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Discover the area and neighborhood

Basilica of St. Hermes

The Basilica of St. Hermes is a late Gothic church building and is located in Ronse, in the province of East Flanders in Belgium.

The neo-Gothic stained glass windows were designed by Joseph Casier between 1886 and 1913. The church also contains various art treasures, such as paintings by Dirck van Baburen, A. Delfosse and J. Sturm, and sculpture by Baeyens, Aloïs De Beule, De Meulemeester, Ch. Parentani Frères and Bruune and Boremans. Also noteworthy is the painting of Pope Cornelius. The organ was designed by Pierre.

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De Hoge Mote

There was probably a motte here from the 10th century, part of a fortification belt. In the 17th century it was a square enclosed area with a house to the north and a gatehouse to the south.

The house would have been purchased around 1400 by the Sint-Hermeskapitte in Ronse. During the ancien régime it was almost always occupied by canons. In 1669 it was rebuilt and occupied by the provost of the chapter. In the French era the chapter was dissolved and also the Hoge Mote was publicly sold in 1794 and came into private hands. Notables came to live in it. In 1866 it came to J. Cambier-Robette, who was a textile manufacturer. In the same year he had the eastern residential wing built. In the surrounding area (the current Bruulpark), he put a machine weaving mill into operation. The west wing of the building was also set up as a factory (1905, 1913, 1926).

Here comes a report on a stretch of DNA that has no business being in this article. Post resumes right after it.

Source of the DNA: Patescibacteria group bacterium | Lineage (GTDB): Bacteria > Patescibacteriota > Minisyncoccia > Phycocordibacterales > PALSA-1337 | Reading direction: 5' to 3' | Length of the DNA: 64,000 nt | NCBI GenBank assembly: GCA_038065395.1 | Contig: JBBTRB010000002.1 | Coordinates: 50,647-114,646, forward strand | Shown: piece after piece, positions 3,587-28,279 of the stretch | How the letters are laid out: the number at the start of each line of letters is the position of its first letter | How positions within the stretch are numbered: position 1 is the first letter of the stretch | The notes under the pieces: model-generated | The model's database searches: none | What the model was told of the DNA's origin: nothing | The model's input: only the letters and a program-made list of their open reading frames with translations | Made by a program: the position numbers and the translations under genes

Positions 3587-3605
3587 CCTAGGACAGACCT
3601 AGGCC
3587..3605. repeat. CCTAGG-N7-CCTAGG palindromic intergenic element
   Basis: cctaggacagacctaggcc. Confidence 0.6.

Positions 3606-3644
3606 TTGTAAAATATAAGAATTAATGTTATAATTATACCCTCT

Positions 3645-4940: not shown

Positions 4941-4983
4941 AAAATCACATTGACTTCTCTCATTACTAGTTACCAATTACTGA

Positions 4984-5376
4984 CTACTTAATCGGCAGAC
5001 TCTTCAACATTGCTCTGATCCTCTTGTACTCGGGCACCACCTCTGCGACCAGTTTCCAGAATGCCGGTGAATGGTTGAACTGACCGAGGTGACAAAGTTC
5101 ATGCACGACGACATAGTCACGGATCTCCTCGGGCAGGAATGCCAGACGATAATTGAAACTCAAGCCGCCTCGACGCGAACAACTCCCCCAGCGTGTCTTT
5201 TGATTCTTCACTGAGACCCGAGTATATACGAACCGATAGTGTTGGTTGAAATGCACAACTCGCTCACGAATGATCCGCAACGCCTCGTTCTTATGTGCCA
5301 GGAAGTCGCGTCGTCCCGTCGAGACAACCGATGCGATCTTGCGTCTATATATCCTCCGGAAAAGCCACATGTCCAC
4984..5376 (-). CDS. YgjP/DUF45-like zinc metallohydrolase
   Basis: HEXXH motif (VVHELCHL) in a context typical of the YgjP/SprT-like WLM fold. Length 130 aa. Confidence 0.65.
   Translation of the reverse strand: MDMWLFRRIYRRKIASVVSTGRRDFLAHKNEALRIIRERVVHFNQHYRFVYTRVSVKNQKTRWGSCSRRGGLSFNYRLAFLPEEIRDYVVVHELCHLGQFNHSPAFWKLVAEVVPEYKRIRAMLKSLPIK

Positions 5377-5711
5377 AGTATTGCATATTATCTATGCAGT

According to the design of L. de Wilde the house was rebuilt after 1942. In 1963 this was stopped and in 1964 the house came to the city of Ronse and was used for the State Archives. The west wing housed the Must Museum for textiles in 1984, and the Spaniards’ Castle housed the Folklore Museum. On the Hoge Mote, a new tourist information office and reception and experience center for Ronse (art deco, St. Hermes and Fiertel, textile past) with observation tower was set up in 2018.

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De Vrijheid

De Vrijheid was a freehold of about 5 hectares on the territory of Ronse[1] and was a separate feudal seigniory until the French Revolution. The Vrijheid was a fenced estate entirely owned by the clergy and was, as it were, a town within the town. The earliest description and mention of the Vrijheid dates back to 1315 in a jurisdictional dispute between the baljuices of the Vrijheid and those of the city.

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